But as I learned quickly, Frigga does not just stay at home and tend the fires. She is not, as I once quipped, "your mama's hearth Goddess," modestly staying at home. This Lady I could easily respect, follow and learn from...

And I am thankful that she forgives. I still tend to be much more of a "long term variable periodic housekeeper" than She would like, but She has not left and I keep at it.

And so, yes, I do talk a lot about laundry. And I don't always make the larger connections when I write, but they are there regardless. The Ancestors know. The Gods know. And now you do too.

Tuesday, April 1, 2014

Halfway point

The "Year of Transition" is at the halfway mark, and I can feel the tide turning.

Every fiber of my being has threads that pull it to stay on the farm. As I add to my new routines -- connecting more strongly to the natural cycles of sun and moon, of sun and storm -- it is slowly becoming less desirable to run life by the clock and the schedules of commerce.

Admittedly, I was never as strongly tied to the common culture markers of time. At times in my life I tried to learn to wear a watch but it never lasted for long. The ebb and flow of the sun and moon always had a stronger call, and even when living in the city and working a typical 9-5, 40 hour a week job, I could tell the time -- accurately enough for my purposes -- as well by the light levels and positions of the orbs as I needed. And once I was no longer responsible for the social obligations of a family living in the mundane world, most of the man-made holidays faded from my gaze.

It is not easy making progress with the things that require monetary income with the fewer hours on my town job schedule, but looking at the 3-day weeks coming, and the two day week I am in at present, the next two days (and the coming Wednesdays-Thursday off combinations) have a sense of growing familiarity. This is what life soon will be like! And I am liking it!

I have almost always had "many irons in the fire," but being able to juggle them with fewer constraints by artificial and imposed schedules allows me to pursue many interests and projects without stress.

Stress has been a BIG factor the last few days. There have been hangups with the repair of my truck (yes, yet again!) and the car had to be pulled from service for an emergency brake job. This is a big deal, as something made at least one of them begin to self-destruct. Big deal in the working and bigger deal in affording the parts and stressful because with no working car and no working truck and no third-level backup, and living way far from work... and needing to get to work... well I think you get the drift. It took time (which it didn't really feel like we had) and money (that it really didn't look like we had) and help from friends (which, thankfully we DO have some of... but, being me, yanno, I hate asking....) to get to where we can slowly begin moving forward again.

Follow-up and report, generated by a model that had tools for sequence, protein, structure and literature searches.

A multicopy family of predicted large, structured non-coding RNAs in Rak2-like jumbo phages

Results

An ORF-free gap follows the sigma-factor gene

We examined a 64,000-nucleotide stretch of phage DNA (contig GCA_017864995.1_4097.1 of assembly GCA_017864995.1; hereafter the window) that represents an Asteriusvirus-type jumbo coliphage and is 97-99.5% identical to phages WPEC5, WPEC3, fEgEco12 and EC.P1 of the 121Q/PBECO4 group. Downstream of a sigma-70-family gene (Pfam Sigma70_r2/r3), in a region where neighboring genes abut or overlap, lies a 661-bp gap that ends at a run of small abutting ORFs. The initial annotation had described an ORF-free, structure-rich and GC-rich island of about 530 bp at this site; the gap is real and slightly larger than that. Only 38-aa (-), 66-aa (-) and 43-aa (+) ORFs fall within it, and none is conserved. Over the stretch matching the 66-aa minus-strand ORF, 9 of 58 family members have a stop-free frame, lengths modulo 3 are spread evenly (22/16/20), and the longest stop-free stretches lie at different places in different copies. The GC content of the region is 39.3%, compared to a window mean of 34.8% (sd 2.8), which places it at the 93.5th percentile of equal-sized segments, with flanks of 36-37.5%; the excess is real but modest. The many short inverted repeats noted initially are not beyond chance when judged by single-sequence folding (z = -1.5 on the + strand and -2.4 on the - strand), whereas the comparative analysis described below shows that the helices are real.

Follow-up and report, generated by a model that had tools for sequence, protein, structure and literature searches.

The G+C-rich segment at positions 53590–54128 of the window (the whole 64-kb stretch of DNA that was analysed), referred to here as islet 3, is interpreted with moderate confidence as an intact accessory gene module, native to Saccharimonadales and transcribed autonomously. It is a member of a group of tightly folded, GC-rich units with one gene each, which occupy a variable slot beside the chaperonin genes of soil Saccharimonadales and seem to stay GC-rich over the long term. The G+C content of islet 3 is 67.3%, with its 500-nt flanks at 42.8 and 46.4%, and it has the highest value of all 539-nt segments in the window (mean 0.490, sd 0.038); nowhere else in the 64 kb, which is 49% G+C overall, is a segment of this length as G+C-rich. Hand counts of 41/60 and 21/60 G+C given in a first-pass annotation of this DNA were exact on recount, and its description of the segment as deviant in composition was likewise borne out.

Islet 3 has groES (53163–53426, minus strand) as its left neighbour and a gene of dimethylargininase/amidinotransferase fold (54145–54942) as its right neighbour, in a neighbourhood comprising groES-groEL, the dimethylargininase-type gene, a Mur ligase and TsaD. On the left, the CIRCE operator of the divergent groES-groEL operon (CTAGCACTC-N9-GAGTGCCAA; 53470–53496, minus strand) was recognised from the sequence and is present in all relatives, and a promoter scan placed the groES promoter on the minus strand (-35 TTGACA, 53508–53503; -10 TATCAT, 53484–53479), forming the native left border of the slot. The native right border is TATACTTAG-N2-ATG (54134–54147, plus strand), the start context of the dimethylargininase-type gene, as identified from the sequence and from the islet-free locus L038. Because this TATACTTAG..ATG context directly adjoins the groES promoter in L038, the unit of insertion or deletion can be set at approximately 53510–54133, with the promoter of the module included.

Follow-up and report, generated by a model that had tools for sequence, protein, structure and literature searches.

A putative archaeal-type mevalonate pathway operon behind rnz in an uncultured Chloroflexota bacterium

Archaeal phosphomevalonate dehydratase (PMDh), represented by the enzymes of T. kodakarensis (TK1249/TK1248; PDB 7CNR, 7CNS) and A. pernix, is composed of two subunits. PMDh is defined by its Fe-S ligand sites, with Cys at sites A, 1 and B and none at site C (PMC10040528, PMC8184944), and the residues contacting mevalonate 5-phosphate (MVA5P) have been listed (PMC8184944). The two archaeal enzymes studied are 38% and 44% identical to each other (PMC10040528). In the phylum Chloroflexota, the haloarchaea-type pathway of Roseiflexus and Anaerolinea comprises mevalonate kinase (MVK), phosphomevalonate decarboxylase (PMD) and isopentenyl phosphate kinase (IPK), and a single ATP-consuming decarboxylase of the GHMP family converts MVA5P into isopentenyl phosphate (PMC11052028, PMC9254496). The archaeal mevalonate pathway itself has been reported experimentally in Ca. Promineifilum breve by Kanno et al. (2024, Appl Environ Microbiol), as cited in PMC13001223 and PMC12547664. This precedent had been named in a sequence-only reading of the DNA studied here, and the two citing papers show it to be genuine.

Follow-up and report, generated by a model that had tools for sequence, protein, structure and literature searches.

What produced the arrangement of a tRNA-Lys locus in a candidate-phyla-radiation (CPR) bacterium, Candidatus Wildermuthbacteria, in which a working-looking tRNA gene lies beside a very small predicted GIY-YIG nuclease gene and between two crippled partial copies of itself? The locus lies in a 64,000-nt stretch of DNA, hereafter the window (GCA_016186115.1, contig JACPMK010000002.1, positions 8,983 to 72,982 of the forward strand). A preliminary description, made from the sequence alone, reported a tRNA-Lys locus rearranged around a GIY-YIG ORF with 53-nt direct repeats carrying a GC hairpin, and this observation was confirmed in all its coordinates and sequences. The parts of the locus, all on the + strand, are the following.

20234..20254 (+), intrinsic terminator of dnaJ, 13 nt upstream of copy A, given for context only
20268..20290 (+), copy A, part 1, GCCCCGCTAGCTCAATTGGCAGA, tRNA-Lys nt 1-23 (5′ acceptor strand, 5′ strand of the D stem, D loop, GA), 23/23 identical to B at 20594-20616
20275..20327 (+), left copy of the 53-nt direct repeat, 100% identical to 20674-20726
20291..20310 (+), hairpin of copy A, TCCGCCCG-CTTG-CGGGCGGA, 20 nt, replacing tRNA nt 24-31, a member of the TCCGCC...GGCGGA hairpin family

And the inevitable waiting, of course, when in this sort of pickle, just makes it hard to even try to move forward.

I had hoped to post the Love and Happy Home hex that I just completed, and had hoped to pick up plywood to cut the 4' sign that I have on order, but neither was to happen today. Despite having loads of cardboard in the garage, I did not have the gumption to fight my way back to it and drag it into the house through the rain, so I hauled the hex to town when I went to work in the borrowed truck, hoping (as is most often the case) to be able to grab a large piece of cardboard from the warehouse at the store... but as luck would have it today, of all days, there was none. And the parts payments might have left enough money for plywood since I didn't have to spend any on shipping today -- except that getting all the right stuff at the parts store (never my most favorite job) left me so frazzled that I didn't even think to stop at the big box lumber yard, where I could have got the wood cut in half so it would fit in the truck bed (full size pickup, but the bed contains a huge tool box and would not have easily carried an 8' sheet of plywood). I was thinking of "just picking it up" at my usual source for better quality wood, a local yard that is on a road near where i was returning the truck. Silly me, they only sell full pieces, which at least I remembered before stopping there.

Sigh

Well, soon we will have wheels again, I CAN strap plywood on the roof of the Subaru, can post the hex from here in town after the brakes are done and I will have dry and warmer weather in which to extract the packing material from the garage.

Meanwhile, I have a 1' hex order, and am designing one in trade for some young ducks, as well as reworking one that got slightly damaged on the edge in transit and was returned for replacement. that sign, and several of my earlier works -- painted on barn boards and cheese boxes -- will go up on the web site this week, "available for immediate delivery." I have also started drawing my new design for the year, a Maine themed hex for sweetnees and smooth sailing in life, and the quiet strength to make it so.

Sunday, March 30, 2014

Too Much, Too Little